Our recent Spirit Cask Cider experiment was reasonably successful (albeit that no 'Casks' were actually used in its production). We're determined to get ahead of the game and develop the next big thing in cider marketing, but let's be honest, Cheap Cooking Rum and lightly toasted Hungarian Oak Chips are never going to deliver the kind of 'story' our increasingly picky customers demand. It's got to be genuine old Spirit Casks, and we haven't got any, so I guess it's back to the drawing board...
Anyway, it's now become apparent that we were wasting our time searching for the cider-zeitgeist in a bottle'o'rum. Apparently, Flowers are where it's at. Elderflowers to be precise, and needless to say, someone's already picked them. We've missed the boat... again!
Homemade wine enthusiasts have been putting these delicate Spring blossoms in their fruity concoctions for years, and one or two craft brewers have dallied with a bit of blossom in their time, but now it's the turn of cider. The distinctive flavour of Elderflower is widely regarded as a 'positive' taste experience whenever it occurs, so it's perhaps no surprise that someone's decided to shoehorn it into their cider. Although needless to say, it came as a complete surprise to us.... harumph!
The 'someones' who've already done it are the ingenious folk at the Sampford Courtenay Cider Co, who make jolly good cider in deepest Devon from apples grown on their own farm. Described as 'undiluted', 'lightly sparkling', and only 'slightly sweetened', it sounded right up my street. I just wasn't sure about the Elderflowers!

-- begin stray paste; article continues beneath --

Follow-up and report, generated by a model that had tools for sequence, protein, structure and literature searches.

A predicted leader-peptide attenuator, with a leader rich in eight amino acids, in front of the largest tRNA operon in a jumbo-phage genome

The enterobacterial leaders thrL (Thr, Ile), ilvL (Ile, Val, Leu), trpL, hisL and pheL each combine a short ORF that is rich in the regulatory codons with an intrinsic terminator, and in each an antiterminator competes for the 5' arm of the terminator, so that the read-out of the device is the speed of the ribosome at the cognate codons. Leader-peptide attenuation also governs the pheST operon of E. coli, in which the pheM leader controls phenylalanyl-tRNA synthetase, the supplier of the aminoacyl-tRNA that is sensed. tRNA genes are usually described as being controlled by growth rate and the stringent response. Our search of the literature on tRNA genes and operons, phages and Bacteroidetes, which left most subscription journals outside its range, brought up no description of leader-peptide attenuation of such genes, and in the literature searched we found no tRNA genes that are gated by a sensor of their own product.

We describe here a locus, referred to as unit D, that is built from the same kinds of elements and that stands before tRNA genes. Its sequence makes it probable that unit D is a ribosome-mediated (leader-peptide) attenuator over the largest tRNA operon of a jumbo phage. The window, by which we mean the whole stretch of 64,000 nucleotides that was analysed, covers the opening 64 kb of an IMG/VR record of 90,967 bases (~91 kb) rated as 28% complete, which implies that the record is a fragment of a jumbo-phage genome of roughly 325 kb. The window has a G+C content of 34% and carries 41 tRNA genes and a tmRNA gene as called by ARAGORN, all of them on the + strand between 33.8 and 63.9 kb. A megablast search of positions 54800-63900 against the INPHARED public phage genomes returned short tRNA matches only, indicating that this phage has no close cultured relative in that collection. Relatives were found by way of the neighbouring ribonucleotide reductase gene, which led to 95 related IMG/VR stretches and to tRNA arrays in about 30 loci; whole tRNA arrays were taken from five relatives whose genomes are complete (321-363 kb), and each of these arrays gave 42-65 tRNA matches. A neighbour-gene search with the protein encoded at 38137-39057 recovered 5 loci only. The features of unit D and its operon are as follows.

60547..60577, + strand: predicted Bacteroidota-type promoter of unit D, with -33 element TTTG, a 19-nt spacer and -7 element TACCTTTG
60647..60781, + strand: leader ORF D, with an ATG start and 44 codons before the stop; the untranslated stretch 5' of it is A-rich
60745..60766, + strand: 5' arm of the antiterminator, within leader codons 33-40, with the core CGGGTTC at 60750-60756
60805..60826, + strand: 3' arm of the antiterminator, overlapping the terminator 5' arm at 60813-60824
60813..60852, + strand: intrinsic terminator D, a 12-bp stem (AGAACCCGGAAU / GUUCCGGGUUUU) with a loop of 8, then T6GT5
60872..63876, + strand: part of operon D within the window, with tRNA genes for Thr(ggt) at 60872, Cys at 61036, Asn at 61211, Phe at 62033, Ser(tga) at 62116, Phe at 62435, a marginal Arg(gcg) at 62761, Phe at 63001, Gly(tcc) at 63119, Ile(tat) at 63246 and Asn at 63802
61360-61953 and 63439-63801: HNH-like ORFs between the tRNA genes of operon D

The first surprise came when I popped the swing-top on the bottle. I'd chilled things down nicely, but even so the cider frothl'd invitingly up the neck like a fine sparkling wine. The fizz is anything but harsh though, and certainly suits this style of cider. It's a robust little monkey, full of chunky bittersweet flavour, and just a hint of tangy farmhouse character for added drinkability. The Elderflower is subtle. Very subtle. I got a bit of flora in the nose, but not much in the mouth to be honest. Best of all, it's not the sticky sweetie I was expecting, more Medium or even Medium Dry, which is a very pleasant change. I love it, and so does the missus.... bah!
The packaging is real quality too. A 70cl swing-top bottle, labelled in such a way that a gnarled old apple tree can be seen shimmering through the golden liquid. You'll be pleased to learn that this cider was procured from one of the larger Waitrose stores around these parts (Stamford), and at £4.99 is reasonably good value for a cider of this quality (particularly as I get a lovely swing-top bottle to re-use at my leisure).
Now then, back to the laboratory. I'm sure we've got a bottle of Elderflower cordial somewhere in the house....